MPs should deliver on the pledge to lower fuel taxes

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MPs should deliver on the pledge to lower fuel taxes


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Parliament buildings in Nairobi. FILE PHOTO | NMG

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Summary

  • The current uproar over the heavy taxation of fuel in the country has been a long time in coming, with Kenyans regularly failing to enjoy the benefits of low crude prices due to taxes.
  • We agree with the Energy committee of the National Assembly’s plan to propose lower taxes and levies on petroleum products through the Finance Bill of 2021.
  • The tax levied on a litre of fuel comes to around 45 percent, well above the 30 percent maximum on salaries and corporate earnings, and 16 percent VAT.

The current uproar over the heavy taxation of fuel in the country has been a long time in coming, with Kenyans regularly failing to enjoy the benefits of low crude prices due to taxes.

We agree with the Energy committee of the National Assembly’s plan to propose lower taxes and levies on petroleum products through the Finance Bill of 2021.

The tax levied on a litre of fuel comes to around 45 percent, well above the 30 percent maximum on salaries and corporate earnings, and 16 percent VAT.

This is because for a long time in this country, petrol has been seen as a luxury item for the rich who own cars. The government has conveniently ignored the fact that fuel is an important factor in the production and supply of every essential item.

It has effectively classified fuel among those attracting sin tax, alongside other products such as beer and cigarettes, whose consumption is wholly optional and are therefore rightly levied heavily.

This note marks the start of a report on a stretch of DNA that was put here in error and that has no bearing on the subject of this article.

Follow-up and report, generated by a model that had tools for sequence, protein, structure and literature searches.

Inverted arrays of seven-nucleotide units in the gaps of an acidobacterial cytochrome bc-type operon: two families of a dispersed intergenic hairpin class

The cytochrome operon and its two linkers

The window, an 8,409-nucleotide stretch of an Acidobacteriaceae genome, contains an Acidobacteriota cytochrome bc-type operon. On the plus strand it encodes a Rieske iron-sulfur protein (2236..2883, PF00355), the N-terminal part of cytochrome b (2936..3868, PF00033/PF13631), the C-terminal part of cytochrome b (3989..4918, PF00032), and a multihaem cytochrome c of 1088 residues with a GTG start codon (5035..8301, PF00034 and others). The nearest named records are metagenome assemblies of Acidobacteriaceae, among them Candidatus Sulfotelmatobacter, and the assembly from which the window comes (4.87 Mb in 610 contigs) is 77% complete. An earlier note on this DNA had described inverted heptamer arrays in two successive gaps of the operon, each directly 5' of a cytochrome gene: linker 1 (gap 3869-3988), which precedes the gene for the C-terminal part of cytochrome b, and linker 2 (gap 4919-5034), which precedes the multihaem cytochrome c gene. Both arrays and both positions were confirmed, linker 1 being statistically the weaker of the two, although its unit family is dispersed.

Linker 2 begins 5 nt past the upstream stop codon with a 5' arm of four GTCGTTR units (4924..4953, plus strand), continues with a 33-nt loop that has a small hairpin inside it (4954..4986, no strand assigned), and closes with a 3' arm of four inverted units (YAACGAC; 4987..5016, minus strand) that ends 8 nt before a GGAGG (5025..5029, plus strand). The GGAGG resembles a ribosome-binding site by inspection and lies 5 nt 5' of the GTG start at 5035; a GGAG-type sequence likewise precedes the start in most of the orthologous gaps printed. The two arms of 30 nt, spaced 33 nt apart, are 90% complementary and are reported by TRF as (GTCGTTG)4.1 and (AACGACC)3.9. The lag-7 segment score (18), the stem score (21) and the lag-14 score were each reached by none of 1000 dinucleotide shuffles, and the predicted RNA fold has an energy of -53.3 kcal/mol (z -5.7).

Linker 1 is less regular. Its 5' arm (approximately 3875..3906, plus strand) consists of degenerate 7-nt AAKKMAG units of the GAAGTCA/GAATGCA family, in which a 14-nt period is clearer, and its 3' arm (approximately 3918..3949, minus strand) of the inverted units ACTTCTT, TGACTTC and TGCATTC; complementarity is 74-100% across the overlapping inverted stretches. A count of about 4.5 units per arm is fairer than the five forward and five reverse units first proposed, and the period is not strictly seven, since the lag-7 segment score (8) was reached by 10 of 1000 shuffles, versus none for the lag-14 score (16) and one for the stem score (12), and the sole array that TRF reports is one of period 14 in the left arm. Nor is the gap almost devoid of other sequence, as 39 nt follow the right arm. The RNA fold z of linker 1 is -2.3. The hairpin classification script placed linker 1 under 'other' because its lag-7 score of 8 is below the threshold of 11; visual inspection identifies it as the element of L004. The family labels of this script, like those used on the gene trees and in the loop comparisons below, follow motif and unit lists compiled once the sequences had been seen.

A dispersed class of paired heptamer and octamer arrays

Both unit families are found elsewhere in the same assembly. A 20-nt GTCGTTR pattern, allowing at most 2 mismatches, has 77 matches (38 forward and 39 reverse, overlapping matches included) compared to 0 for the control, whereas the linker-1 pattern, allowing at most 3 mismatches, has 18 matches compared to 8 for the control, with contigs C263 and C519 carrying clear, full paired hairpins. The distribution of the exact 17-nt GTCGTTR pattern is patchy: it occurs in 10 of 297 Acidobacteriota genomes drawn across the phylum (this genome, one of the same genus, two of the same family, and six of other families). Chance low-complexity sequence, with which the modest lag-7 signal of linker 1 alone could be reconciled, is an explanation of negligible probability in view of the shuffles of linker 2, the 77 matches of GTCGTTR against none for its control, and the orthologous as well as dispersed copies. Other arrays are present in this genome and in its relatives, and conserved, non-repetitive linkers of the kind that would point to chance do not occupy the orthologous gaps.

We hope therefore that the committee’s efforts to lower fuel taxes will be successful, given the many trickle-down benefits of lower fuel taxes to the economy.

Expensive fuel leads to higher cost of doing business, higher power charges and higher inflation, thus reducing the spending power of Kenyans and discouraging investment into the country.

Farmers have also complained that the high diesel prices have raised the cost of ploughing, which will raise the cost of food, at a time when income is already depressed by the Covid pandemic.

It is time the government pulled up its socks in revenue mobilisation, and stopped relying too much on the low hanging fruits such as fuel taxes.

Granted, we understand that the State is under pressure to meet the ever-rising expenditure amid lower revenue performance.

The goal should be to keep taxes lower and expand the tax base, in order to protect the more vulnerable members of society from rising living costs.

The government must also learn to live within its means, by cutting unnecessary expenditure that has prompted it to introduce heavy taxes such as the ones on fuel.

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